And then some specifics. What’s the funniest Matt reaction to learning the ex is still in the house? It could be a great “What the fuck” moment. Colleen obviously knows there’s the complication of the ex still living in the place. How does she explain it? How did she think she was going to finesse the situation?
You get the idea.
I would bat around all of these ideas and see which one gave me the absolute most bang for my buck. I’m always imagining the audience and saying to myself, “Would they laugh at that? Would they REALLY laugh at that?” A lot of times I might say, “No. They’d smile, maybe they’d chuckle, but they wouldn’t laugh.” So how can I make it funnier so they would laugh? (Note: I may be wrong in my prediction but at least in my best professional judgment I’m striving for the maximum reaction.) So I would arrive at the scenario that was most promising, would even have a number of sample big laugh moments or jokes and then try to write the best scene I could.
That’s me. Old veteran me.
LIFE IN PIECES premiered last week on CBS. It has a likable cast and slick look. I wish it well. I missed the debut on the air but caught up with it a few days later ON DEMAND. Since it was on ON DEMAND, a lot of my remote features didn’t work and I had to watch it straight through. So I only saw this scene once and am describing it by memory (which may be as faulty as my computer ability).
But here was the opening scene:
Matt (Thomas Sadoski from NEWSROOM) and Colleen (Angelique Cabral from ENLISTED) come home from a date. She invites him up to her place. Once there they find her ex-fiancé sitting on the couch. Matt is just kind of frozen. The ex is mildly annoyed. The ex still thinks he has a chance with Colleen. It’s just an awkward moment. And the characters are AWARE they’re in an awkward moment. (Again, this is “me” thinking – this isn’t funny enough. This is really tepid. And I’m also wondering -- do the writers think this is hysterical? Do they think an audience is really in stitches over this? Or do they not even put the scene to that mental test?)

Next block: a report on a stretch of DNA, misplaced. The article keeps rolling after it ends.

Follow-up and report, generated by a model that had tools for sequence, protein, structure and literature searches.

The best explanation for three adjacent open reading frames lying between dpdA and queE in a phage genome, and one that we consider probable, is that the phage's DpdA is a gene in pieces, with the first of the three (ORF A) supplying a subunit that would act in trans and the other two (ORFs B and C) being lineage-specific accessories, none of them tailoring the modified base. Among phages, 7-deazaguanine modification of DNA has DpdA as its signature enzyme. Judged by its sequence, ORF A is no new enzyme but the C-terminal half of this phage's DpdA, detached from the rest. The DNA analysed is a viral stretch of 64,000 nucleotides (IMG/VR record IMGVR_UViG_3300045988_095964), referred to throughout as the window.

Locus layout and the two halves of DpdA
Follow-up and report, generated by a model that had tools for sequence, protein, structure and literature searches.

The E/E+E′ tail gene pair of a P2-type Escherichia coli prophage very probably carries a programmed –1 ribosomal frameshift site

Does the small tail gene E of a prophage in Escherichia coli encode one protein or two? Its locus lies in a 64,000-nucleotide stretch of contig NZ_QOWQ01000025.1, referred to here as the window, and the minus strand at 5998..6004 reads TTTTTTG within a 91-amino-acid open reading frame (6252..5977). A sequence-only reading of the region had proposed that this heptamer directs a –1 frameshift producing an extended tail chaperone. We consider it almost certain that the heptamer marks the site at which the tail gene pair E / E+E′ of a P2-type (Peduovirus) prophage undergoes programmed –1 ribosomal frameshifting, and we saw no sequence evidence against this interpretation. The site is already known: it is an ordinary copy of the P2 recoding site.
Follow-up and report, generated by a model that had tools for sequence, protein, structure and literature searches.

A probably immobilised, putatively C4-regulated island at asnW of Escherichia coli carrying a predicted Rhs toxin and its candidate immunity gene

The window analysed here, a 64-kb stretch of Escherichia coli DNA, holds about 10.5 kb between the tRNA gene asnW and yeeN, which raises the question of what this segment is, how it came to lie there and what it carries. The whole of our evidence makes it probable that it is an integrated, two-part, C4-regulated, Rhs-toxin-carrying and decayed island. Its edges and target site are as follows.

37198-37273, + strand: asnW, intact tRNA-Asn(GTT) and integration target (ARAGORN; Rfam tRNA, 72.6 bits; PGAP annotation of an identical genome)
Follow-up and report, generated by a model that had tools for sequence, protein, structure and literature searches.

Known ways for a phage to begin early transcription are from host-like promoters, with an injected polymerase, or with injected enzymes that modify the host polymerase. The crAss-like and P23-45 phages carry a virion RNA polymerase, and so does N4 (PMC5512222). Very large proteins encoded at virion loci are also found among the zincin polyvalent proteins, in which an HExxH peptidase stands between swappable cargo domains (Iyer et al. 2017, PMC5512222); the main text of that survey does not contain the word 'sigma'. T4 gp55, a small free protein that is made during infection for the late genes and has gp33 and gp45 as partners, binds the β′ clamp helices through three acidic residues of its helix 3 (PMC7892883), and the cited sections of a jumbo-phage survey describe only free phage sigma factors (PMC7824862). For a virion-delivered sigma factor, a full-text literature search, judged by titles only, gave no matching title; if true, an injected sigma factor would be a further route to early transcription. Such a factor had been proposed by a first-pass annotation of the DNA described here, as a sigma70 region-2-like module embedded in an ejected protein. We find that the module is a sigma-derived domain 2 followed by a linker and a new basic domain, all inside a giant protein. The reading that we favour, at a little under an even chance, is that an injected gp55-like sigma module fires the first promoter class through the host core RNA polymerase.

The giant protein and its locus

So what does Matt do? Characters need to actively address a situation. Matt does nothing. What does Colleen do? She offers some wine. There’s a little cutesy banter. The ex comments that they’re “bantering.” Everyone in this scene is totally AWARE of the conventions they’re using. It’s like they’re all too cool to have any strong emotions or reactions. The humor has to come from them merely realizing they’re in a potential comic situation. As a result there’s a real distance. And for me the scene loses its comic edge.
The scene ends with them deciding to go to his place instead. The big joke then is that his place is occupied… by his nutty parents. Awk-ward.
Old school, retro Ken believes if you’re doing a comedy you’ve got to own it. Characters finding themselves in awkward comic situations have been a staple for years. We find ourselves in awkward comic situations in our real lives.
They really happen.
But we don’t step back and observe; we ACT. I’m hoping that LIFE IN PIECES succeeds. It’s just the pilot and they’re finding their way. And I present this post as a learning exercise, not a knock on them. It’s a way to illustrate other possibilities. And a lot of you are aspiring writers currently crafting your spec pilots. Think of the audience and ask yourself the hard question. “Is this FUNNY enough?” And if not, no matter what your age or sensibility, or how cool you are, go back and make it funnier. And don’t apologize.